Why is Britain a wildlife migration hotspot?

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1. Migration in the millions

Can you imagine traveling to the moon and back three times? Well that is the same distance the Arctic tern covers during its lifetime. This remarkable little bird can be seen here in parts of the UK in summer during its epic migration between Greenland and Antarctica.

Of course, Arctic terns are not the only ones to visit the UK and then leave. Hundreds of millions of animals do it each year, with some traveling tens of thousands of miles to reach our shores, often risking their lives.

But what makes the UK such an attractive destination for wildlife to visit?

2. Where do they come from?

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Animals travel vast distances to the UK: from the cold expanses of Siberia to the exotic South American coast and many places in between. Click on an animal to reveal more about their incredible journeys (all images copyright naturepl.com).

3. Migration: Season by season

Summer visitors

Many species, such as swallows and cuckoos, arrive in the UK during spring from the south (e.g. the Mediterranean and sub-Saharan Africa). They come here to breed because the further north they go, the more food there is and the more light to search for it, as many are insect eaters. They return south in the autumn with the new young, when food becomes scarcer as winter approaches.

Winter visitors

Tens of millions of birds arrive during the autumn, including colourful thrushes such as fieldfares and redwings, geese and swans. They come from far afield, after traveling for several thousand miles from the north and east (Scandinavia, the Arctic and northern Europe). The main reason for this mass migration is that food in their breeding grounds is often hidden under snow and ice. The UK offers much milder weather in winter and food is easier to find. In spring, these animals return to their relatively safe breeding quarters.

We in the UK have our own resident populations of birds such as robins and starlings that we see all year round. But during winter their numbers are bolstered by migrants fleeing the extreme cold of Eastern Europe.

Passage visitors

Passage migrants are birds that stop off in the UK during their long journey north or south, such as black terns and little gulls. They use the UK like a service station, taking a few weeks during spring and autumn to refuel and rest before moving on and completing their journeys.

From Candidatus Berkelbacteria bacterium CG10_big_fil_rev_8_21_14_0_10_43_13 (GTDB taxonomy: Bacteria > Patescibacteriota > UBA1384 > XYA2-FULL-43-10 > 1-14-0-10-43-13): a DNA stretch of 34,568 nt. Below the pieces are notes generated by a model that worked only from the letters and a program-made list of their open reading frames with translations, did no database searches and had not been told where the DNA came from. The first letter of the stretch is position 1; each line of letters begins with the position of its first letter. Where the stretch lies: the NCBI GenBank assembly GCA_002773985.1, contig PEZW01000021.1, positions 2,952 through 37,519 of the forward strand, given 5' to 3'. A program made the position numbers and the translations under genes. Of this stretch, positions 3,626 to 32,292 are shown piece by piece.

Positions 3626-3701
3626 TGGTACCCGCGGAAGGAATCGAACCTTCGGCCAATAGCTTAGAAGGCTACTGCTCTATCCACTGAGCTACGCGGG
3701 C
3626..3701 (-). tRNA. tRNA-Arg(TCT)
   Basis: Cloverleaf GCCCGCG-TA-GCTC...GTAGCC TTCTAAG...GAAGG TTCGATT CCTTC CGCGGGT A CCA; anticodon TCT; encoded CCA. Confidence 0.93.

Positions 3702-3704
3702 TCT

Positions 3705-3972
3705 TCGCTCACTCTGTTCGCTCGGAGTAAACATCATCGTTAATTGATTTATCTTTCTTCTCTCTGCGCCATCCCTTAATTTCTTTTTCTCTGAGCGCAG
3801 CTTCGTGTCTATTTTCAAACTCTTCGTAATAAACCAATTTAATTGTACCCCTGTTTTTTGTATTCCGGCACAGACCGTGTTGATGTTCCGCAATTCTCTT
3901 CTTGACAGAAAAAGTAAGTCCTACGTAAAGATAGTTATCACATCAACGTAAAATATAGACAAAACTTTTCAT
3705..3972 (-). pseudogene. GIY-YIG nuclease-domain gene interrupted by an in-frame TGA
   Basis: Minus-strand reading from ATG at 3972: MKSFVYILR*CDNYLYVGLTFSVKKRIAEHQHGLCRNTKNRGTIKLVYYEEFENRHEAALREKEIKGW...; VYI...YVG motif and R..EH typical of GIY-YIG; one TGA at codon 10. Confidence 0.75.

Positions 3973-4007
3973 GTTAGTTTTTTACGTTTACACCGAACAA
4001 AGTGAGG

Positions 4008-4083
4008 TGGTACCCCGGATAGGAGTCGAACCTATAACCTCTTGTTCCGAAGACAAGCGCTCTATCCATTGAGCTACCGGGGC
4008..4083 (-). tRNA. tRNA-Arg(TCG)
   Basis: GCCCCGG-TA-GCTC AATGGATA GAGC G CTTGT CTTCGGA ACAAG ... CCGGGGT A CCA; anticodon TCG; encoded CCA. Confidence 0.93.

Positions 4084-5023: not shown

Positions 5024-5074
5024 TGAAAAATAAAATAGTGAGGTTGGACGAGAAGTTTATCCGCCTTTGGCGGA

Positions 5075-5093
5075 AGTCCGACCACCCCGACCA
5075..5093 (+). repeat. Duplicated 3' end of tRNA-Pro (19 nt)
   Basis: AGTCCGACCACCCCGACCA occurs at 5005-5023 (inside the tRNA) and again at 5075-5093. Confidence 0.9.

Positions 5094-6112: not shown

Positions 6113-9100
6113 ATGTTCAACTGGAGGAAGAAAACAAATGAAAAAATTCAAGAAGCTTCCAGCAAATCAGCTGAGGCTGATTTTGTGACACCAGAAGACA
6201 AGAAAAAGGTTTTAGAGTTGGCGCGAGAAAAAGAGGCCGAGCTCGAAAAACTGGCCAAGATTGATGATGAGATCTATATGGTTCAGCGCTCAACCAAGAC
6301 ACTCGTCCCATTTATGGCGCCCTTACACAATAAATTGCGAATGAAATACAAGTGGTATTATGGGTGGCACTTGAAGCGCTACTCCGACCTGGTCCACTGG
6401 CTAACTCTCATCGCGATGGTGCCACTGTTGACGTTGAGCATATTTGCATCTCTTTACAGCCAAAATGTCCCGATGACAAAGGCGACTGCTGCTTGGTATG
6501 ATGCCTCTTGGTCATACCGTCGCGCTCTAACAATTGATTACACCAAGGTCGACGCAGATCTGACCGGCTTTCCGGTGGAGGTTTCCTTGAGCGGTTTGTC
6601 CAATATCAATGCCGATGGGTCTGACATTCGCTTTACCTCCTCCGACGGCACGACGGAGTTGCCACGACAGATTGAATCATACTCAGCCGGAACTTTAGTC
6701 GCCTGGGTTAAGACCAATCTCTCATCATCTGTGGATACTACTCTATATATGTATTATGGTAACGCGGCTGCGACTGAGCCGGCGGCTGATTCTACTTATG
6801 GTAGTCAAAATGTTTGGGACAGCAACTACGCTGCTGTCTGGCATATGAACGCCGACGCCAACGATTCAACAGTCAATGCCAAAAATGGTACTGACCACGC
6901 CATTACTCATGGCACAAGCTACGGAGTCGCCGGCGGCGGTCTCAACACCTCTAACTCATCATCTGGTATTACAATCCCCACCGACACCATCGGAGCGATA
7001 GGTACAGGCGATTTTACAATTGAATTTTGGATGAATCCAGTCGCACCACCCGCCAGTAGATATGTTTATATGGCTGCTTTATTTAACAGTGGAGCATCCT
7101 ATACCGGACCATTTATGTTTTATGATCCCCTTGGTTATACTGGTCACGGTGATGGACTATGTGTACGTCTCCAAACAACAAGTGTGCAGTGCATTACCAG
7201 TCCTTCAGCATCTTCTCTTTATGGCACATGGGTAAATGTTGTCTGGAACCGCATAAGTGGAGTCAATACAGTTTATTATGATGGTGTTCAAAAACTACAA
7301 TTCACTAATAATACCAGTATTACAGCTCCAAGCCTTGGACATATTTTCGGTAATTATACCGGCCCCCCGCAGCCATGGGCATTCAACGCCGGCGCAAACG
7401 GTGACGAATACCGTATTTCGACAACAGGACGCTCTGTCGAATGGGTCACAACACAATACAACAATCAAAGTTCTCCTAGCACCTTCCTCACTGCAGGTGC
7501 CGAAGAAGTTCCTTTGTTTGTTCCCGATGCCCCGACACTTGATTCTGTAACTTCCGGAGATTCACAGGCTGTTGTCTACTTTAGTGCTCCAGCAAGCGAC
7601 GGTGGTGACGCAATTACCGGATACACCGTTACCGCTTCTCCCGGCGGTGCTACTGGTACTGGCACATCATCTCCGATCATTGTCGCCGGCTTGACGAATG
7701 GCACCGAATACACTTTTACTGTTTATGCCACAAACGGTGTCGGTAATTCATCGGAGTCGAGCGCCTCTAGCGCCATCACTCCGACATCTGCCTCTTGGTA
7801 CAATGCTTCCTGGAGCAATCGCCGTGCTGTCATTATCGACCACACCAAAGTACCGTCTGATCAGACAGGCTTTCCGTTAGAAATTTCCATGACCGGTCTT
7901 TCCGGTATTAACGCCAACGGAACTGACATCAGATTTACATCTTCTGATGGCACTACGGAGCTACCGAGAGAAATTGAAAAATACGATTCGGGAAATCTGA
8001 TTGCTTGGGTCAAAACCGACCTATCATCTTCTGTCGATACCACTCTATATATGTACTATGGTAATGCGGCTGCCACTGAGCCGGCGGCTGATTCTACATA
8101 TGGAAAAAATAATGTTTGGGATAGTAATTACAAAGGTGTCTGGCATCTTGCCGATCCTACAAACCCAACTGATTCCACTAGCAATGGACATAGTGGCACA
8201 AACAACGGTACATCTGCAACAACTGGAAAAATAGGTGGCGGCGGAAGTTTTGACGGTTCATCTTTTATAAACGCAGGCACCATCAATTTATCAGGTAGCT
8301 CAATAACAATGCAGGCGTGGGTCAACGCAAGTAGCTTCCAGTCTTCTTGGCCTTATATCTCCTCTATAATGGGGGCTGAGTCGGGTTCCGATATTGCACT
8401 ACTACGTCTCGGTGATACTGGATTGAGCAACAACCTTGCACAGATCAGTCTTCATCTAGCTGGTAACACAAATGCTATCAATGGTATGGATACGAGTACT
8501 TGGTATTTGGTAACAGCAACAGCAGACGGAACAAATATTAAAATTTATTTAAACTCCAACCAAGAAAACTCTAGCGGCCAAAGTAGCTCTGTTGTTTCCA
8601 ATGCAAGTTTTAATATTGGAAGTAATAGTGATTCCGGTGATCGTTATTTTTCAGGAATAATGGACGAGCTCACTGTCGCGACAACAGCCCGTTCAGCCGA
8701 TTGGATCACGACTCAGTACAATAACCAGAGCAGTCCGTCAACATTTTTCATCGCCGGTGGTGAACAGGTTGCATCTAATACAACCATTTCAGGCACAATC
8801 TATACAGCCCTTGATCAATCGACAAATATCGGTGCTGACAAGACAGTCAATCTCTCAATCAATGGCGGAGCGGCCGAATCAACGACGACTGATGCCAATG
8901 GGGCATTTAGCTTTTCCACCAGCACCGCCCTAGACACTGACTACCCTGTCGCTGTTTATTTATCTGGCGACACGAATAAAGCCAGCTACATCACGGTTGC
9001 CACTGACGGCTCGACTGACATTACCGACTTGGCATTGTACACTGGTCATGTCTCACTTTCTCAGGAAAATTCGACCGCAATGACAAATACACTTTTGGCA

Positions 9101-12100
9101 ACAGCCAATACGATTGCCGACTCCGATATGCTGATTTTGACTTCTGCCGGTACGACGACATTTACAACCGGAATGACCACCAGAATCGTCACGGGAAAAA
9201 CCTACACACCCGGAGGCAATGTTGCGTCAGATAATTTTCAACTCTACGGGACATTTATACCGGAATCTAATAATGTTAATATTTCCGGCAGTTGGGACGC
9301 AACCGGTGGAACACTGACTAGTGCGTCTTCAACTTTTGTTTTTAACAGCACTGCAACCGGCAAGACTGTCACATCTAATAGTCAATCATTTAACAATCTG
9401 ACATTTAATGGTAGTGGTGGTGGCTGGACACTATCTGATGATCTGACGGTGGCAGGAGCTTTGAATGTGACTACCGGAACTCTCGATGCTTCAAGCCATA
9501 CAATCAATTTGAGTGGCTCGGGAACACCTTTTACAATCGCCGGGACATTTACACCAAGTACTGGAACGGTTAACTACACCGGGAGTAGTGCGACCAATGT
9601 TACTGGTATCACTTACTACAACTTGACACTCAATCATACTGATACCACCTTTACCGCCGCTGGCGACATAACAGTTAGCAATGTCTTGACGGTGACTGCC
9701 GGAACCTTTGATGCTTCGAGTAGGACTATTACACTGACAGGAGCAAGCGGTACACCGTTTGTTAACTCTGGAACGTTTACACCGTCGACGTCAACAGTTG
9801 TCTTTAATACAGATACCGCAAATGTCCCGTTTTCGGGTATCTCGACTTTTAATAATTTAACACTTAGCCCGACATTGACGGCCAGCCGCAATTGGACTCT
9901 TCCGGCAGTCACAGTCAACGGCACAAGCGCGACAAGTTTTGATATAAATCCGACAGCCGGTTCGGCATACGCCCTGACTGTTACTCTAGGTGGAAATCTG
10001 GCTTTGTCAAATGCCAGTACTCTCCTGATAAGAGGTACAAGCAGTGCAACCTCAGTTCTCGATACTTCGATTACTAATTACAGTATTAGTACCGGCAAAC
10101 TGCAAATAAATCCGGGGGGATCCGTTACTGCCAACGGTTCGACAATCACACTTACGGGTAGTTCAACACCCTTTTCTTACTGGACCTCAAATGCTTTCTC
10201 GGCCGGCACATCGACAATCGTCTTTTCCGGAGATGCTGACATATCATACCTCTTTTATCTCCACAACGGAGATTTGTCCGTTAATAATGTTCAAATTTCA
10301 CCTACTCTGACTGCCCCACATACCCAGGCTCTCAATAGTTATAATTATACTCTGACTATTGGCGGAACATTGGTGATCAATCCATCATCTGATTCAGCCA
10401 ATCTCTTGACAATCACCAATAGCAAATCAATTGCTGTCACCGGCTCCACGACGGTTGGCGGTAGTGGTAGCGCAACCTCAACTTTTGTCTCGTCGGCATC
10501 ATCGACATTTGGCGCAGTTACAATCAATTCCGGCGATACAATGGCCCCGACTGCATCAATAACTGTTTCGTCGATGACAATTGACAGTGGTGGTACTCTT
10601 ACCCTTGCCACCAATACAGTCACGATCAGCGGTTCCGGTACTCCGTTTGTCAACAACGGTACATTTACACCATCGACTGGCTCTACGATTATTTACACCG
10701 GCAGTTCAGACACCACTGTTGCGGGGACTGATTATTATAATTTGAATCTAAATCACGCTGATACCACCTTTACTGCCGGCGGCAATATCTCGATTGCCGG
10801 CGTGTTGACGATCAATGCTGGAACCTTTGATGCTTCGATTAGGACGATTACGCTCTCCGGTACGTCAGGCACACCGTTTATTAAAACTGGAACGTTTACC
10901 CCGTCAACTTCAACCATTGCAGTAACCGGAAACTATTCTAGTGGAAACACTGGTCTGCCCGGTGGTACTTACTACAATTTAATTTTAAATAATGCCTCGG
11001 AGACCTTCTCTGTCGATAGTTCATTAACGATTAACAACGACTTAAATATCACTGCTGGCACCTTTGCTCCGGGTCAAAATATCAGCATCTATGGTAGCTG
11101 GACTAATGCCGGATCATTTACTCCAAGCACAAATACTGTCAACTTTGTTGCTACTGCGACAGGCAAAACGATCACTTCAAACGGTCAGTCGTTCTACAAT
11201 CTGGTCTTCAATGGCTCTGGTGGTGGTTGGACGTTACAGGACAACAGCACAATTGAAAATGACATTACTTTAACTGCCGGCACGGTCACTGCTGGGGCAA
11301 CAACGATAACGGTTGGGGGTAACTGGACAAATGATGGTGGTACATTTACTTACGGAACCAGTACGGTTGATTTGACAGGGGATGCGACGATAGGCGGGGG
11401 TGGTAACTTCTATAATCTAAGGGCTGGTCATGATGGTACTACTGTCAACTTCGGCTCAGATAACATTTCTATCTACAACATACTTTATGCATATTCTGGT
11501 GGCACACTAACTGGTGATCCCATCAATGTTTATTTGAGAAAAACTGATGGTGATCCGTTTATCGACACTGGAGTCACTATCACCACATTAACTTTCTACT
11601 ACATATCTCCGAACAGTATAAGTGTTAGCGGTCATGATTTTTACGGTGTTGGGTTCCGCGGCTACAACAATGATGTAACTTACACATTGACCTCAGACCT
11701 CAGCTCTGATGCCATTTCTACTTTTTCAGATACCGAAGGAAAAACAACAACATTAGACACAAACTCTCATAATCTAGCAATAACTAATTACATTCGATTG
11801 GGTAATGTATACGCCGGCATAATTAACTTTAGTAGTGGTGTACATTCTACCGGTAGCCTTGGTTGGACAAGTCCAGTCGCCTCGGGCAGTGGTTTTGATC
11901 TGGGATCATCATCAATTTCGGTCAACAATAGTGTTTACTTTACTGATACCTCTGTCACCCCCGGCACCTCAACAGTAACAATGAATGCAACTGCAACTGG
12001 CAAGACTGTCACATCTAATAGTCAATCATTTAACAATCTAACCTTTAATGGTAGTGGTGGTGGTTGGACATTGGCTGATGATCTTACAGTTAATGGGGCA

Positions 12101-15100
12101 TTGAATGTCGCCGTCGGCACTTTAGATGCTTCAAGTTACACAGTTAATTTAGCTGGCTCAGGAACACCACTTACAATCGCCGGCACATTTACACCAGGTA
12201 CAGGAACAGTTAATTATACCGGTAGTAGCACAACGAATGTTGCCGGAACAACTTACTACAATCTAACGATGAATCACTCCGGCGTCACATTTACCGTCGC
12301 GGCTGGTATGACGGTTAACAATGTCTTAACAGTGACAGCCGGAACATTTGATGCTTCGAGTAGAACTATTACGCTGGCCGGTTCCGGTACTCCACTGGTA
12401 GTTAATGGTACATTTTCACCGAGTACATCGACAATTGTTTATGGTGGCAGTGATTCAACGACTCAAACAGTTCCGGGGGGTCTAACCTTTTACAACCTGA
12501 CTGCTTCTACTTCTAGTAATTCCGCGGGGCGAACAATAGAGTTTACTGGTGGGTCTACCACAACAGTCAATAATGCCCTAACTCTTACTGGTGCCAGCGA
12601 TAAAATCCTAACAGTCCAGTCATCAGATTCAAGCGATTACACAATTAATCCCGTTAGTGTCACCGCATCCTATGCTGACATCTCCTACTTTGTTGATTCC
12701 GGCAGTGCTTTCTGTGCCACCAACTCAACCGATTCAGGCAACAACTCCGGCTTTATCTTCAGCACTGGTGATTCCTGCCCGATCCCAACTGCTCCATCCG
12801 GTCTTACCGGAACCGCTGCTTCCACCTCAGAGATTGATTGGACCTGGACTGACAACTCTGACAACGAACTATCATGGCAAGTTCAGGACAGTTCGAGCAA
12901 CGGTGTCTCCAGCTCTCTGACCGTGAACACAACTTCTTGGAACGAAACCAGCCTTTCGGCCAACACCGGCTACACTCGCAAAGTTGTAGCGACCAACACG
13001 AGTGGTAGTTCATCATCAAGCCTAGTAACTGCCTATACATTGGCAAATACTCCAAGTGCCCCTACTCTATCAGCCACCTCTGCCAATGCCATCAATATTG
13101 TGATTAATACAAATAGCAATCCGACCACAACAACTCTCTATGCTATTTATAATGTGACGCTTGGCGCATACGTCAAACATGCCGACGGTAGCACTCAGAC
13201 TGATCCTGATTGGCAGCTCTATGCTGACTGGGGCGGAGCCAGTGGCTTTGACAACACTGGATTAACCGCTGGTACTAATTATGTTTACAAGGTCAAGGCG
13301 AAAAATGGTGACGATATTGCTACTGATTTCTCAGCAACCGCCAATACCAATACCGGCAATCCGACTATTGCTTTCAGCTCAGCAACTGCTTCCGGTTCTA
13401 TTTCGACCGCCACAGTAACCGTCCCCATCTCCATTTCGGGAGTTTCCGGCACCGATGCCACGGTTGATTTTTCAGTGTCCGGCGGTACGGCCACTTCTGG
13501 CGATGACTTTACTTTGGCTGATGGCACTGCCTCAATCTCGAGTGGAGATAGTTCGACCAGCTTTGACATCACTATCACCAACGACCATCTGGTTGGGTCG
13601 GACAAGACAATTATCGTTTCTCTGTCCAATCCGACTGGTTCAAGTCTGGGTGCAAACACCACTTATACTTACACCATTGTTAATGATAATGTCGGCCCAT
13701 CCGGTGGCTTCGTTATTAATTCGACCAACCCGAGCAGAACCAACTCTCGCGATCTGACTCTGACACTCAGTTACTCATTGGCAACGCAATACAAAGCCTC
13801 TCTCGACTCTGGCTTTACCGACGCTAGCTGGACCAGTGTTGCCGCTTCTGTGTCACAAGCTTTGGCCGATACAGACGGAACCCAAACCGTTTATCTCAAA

One of our most nutritious habitats are our estuaries, but why?

4. The importance of food

Over the course of a year, one square metre of the UK's mud produces 200,000 kcal - the equivalent of 77 standard chocolate bars - and is second only to rainforests and coral reefs in terms of calorific productivity.

The UK has a large coastline and lots of coastal wetlands and estuaries, which are particularly important for waders and wildfowl. A quarter of all the estuaries in north-western Europe are found in the UK. In this archive clip from Autumnwatch, Chris Packham and Kate Humble reveal that our estuaries are a buffet for three million birds.

5. Migration in numbers

The numbers of some bird and butterfly species that migrate to the UK each year.

The numbers of individuals visiting the UK are an estimate and can vary greatly year to year. The data for painted lady butterflies is from 2009 and estimated by radar and citizen recorders. There were around 25 million after breeding.

6. The other migratory animals

Butterflies and moths

We have some spectacular butterflies in the UK, but only a few are true migrants: red admirals and painted ladies for example. They arrive in their tens of millions from the Mediterranean to take advantage of our summer plants as a food source for their caterpillars. It’s common plants such as thistles and nettles they’re after of which we have plenty - although it’s not the same generation that leaves as arrived!

The silver Y is our most common immigrant moth and can arrive in numbers up to 250 million in a good year, with a staggering four times that many leaving as arrived.


The UK is home to high numbers of the second largest fish in the world: the basking shark. From May to September, these filter-feeding sharks are attracted inshore to places with regular, reliable tidal fronts - places where different water masses meet - where the tiny plankton they eat are concentrated.

Recent studies showed they spend winter periods travelling to depths of up to 1,000m in search of feeding ‘hotspots’ and may continue to move thousands of kilometres during the winter months, actively tracking plankton blooms in order to feed.

7. Migrant or resident?

It can be hard to tell which animals live in the UK all year round and which migrate here. Pick an animal to see if it is a resident or just visiting.


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Our large resident populations are swelled considerably by starlings from Eastern Europe in winter.

Canada goose

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Canada goose

Don’t be fooled by the name! Canada geese were introduced in the mid 17th Century and are now resident.

Silver Y

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Silver Y

A very common moth and true migrant; up to 250 million can arrive with four times that leaving.


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Waxwings arrive in large numbers when the population outgrows the food supply. A mass arrival of birds that do not usually visit is known as an irruption.